But the assumptions for investment growth do not reflect the market, experts say, and it could leave millions of workers not paying enough into their pension pot.
Becky O’Connor, head of pensions and savings at interactive investor, said: "This report highlights the impact of lower forecast investment growth on pension pots and the profound implications for the generations of workers whose retirement pots are fully exposed to the fortunes of global markets, without many even knowing.
“‘Lower for longer’ investment growth could mean the difference between scraping-by and being comfortable in retirement, but the impact of stock market performance on retirement outcomes may be poorly understood.
How to fix a smaller pension
To avoid the shortfall and boost your pension pot, there are a number of steps people can take.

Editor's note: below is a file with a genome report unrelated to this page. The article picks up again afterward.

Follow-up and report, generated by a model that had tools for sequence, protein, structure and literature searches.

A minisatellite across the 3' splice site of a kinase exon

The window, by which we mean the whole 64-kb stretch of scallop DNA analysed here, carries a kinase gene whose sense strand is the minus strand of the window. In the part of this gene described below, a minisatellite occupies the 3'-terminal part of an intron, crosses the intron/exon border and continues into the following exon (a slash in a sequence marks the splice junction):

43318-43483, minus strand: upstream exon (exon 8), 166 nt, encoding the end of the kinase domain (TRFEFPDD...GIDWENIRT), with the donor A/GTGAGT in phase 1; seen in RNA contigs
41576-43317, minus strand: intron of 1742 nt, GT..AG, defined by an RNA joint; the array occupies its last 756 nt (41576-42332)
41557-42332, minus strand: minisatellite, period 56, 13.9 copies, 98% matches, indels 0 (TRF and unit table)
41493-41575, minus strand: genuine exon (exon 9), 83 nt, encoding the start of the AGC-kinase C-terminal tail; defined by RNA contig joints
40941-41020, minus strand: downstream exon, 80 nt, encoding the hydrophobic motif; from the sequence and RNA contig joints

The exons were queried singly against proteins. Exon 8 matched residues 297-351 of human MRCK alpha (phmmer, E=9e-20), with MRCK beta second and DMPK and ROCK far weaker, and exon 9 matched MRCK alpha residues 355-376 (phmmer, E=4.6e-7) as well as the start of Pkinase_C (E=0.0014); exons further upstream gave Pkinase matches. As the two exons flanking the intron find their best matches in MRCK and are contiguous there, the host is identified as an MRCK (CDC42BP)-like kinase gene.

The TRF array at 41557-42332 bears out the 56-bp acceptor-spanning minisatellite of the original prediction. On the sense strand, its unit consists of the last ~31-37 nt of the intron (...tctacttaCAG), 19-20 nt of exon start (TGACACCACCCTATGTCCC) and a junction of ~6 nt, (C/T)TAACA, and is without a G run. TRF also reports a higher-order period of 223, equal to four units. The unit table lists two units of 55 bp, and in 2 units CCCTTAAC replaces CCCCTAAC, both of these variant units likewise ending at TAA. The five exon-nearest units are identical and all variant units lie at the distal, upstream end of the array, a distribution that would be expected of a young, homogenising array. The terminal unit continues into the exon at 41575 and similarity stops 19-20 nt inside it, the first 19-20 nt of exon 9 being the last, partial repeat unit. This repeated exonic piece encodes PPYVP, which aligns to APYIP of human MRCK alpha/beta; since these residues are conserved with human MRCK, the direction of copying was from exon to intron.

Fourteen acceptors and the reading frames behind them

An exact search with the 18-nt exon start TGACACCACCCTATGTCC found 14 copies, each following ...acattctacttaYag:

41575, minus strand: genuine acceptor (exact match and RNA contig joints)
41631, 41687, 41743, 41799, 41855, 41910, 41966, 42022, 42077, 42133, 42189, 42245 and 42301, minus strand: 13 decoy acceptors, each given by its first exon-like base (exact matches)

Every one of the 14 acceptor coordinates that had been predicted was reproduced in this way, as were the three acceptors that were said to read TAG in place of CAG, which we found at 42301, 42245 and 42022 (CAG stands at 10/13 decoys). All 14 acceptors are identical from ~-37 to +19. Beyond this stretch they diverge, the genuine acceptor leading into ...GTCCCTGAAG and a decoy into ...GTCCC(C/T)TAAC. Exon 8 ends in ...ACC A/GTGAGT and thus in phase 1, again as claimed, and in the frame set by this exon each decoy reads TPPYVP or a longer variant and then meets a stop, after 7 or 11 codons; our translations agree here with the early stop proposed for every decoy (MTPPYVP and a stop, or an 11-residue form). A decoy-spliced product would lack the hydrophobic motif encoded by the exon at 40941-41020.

The report suggests always using the latest assumptions and forecasts, so your most recent annual statement or forecast from your pension and not old paperwork that's out of date.
Using different tools for calculating retirement estimates can also give you a better picture of how much your retirement is estimated to be.
For instance the Money Advice Service pension calculator tool is set at 5%, but the Which? tool shows calculations for growth of 4% and 2%.
Top tips to boost your pension pot
DON’T know where to start? Here are some tips from financial provider Aviva on how to get going.
- Understand where you start: Before you consider your plans for tomorrow, you'll need to understand where you stand today. Look into your current pension savings and research when you’ll be eligible for the state pension, and how much support you’ll receive.
- Take advantage of your workplace pension: All employers are legally required to provide a workplace pension. If you save, your employer will usually have to contribute too.